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Managing Your Site's Structure with Dreamweaver

One of the more common mistakes new Web designers make is plunging into developing a site without thinking through all of their goals, priorities, budget, and design options. The instinct is to simply start creating pages, throw them all into one big directory, and then string stuff together with links. Then, when they finally test it out on their audience, they're often surprised when users say the site is hard to navigate and users can't find the pages they want to use.

Do yourself a favor and save yourself some grief by making a plan. By having a plan, you also stand a much better chance of creating an attractive Web site that's easy to maintain and update. You need to understand the common planning issues of Web design. You also need to grasp how Dreamweaver makes it easier to manage a team of developers and how to get the most out of the site management features, such as site synchronization and integrated e-mail. If you do find yourself in the unfortunate predicament of trying to fix broken links, you may also appreciate how Dreamweaver makes that task easier, too.Managing the structure of a Web site has two sides: the side that users see, which depends on how you set up links, and the behind-the-scenes side that depends on how you organize files and folders.

What the user sees

The side that the user sees is all about navigation. When users arrive at your home page, where do you direct them from there? How do they move around your site? A good Web site is designed so that users can navigate easily and intuitively and create their own path to the information most relevant to them. As you plan, make sure that users can access key information easily from more than one place in the site. Make sure that they can move back and forth between pages and sections and return to main pages and indexes in one step. Setting links is easy in Dreamweaver; the challenge is to make sure that they're easy for visitors to follow.

What you see

The second side to managing your Web site structure happens behind the scenes (where your users can't see the information, but you want some kind of organizational system to remember what's what). Before you get too far into building your site with Dreamweaver, spend some time thinking about the management issues involved in keeping track of all the files you create for your site. Files consist of all the images, HTML pages, animations, sound files, and anything else you put in your Web site. As you create pages for your Web site, it's best to organize them in separate folders or directories.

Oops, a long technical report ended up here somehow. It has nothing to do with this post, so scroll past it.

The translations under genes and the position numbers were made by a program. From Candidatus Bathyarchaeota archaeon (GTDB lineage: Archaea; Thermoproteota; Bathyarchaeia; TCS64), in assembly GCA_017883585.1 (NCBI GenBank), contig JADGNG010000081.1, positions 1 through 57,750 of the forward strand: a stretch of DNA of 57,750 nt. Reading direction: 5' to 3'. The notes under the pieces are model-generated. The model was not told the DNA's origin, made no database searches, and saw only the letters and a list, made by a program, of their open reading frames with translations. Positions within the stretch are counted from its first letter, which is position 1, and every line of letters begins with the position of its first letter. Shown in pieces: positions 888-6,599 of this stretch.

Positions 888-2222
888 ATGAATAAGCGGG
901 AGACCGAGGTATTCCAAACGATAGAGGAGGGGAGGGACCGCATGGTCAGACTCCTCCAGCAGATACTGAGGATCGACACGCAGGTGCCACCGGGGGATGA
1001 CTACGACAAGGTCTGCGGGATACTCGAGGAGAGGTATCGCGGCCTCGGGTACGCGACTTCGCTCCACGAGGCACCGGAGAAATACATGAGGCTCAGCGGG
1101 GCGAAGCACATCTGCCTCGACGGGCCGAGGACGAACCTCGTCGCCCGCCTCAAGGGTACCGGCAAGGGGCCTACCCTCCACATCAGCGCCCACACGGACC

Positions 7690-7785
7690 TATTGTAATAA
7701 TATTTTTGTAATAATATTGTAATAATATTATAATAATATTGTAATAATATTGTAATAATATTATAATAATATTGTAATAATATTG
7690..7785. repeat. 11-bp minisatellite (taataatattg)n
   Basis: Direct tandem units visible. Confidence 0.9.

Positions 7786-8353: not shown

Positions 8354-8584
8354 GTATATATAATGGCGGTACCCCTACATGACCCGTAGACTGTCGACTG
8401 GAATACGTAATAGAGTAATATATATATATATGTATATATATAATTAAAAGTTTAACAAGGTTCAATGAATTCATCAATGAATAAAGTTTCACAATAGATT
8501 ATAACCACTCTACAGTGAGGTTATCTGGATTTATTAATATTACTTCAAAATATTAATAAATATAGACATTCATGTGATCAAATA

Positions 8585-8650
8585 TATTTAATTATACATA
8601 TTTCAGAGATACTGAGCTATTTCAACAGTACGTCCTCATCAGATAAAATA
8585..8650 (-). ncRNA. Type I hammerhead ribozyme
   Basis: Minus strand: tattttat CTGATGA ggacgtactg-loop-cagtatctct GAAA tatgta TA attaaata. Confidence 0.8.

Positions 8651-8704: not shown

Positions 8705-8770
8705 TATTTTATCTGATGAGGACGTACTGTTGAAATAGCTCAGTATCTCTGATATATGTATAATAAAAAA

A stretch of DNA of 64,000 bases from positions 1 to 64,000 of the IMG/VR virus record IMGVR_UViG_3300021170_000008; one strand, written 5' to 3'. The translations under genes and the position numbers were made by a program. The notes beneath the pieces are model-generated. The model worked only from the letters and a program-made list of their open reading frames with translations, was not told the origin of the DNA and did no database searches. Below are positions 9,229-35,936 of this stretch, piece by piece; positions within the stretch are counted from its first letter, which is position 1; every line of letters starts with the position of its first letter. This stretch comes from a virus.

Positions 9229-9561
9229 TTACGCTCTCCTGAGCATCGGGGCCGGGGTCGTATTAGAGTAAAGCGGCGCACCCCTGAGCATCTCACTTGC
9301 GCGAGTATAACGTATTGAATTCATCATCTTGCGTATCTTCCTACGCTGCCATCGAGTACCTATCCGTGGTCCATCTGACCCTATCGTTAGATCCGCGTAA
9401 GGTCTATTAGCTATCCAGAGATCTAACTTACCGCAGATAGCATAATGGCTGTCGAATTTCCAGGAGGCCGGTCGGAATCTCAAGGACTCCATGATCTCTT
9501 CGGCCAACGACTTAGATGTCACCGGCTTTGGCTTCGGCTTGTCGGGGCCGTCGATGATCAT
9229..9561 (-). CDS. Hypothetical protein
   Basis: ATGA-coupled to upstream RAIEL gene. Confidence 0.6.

Some Web developers get 20 or 30 pages into a growing Web site and then realize that having all of their files in one folder was a mistake. In fact, it's more than a mistake; it's a mess. And to make matters worse, if you start moving things into new folders after the site grows, you have to change all the links. Not realizing this, some people start moving files around and then find that they have broken links and don't remember where things are supposed to go. Fortunately, Dreamweaver includes site management tools that automatically fix links when you move pages around or create new folders, but starting out with a good plan is still better than having to clean up the structure later.

Before you build those first few pages, think about where you're likely to add content in the future. After you've put together a list of the key elements you want in your site, you're ready to create a storyboard or outline. Use the list and outline to create logical sections of a site that anticipate growth. For example, you may start with one page that lists all of your staff; however, after they see how cool it is, staff members may want to develop their own pages. In that case, you may want a separate folder dedicated to staff pages. If you're providing information for your sales team, you may find that you want a separate section for each product. As you add new sections, create new sub-directories or sub-folders to store their respective files. Creating sub-directories also makes it easier to manage a site that's built by multiple people. If each subsection has a separate folder, then each developer can better manage his or her own files.

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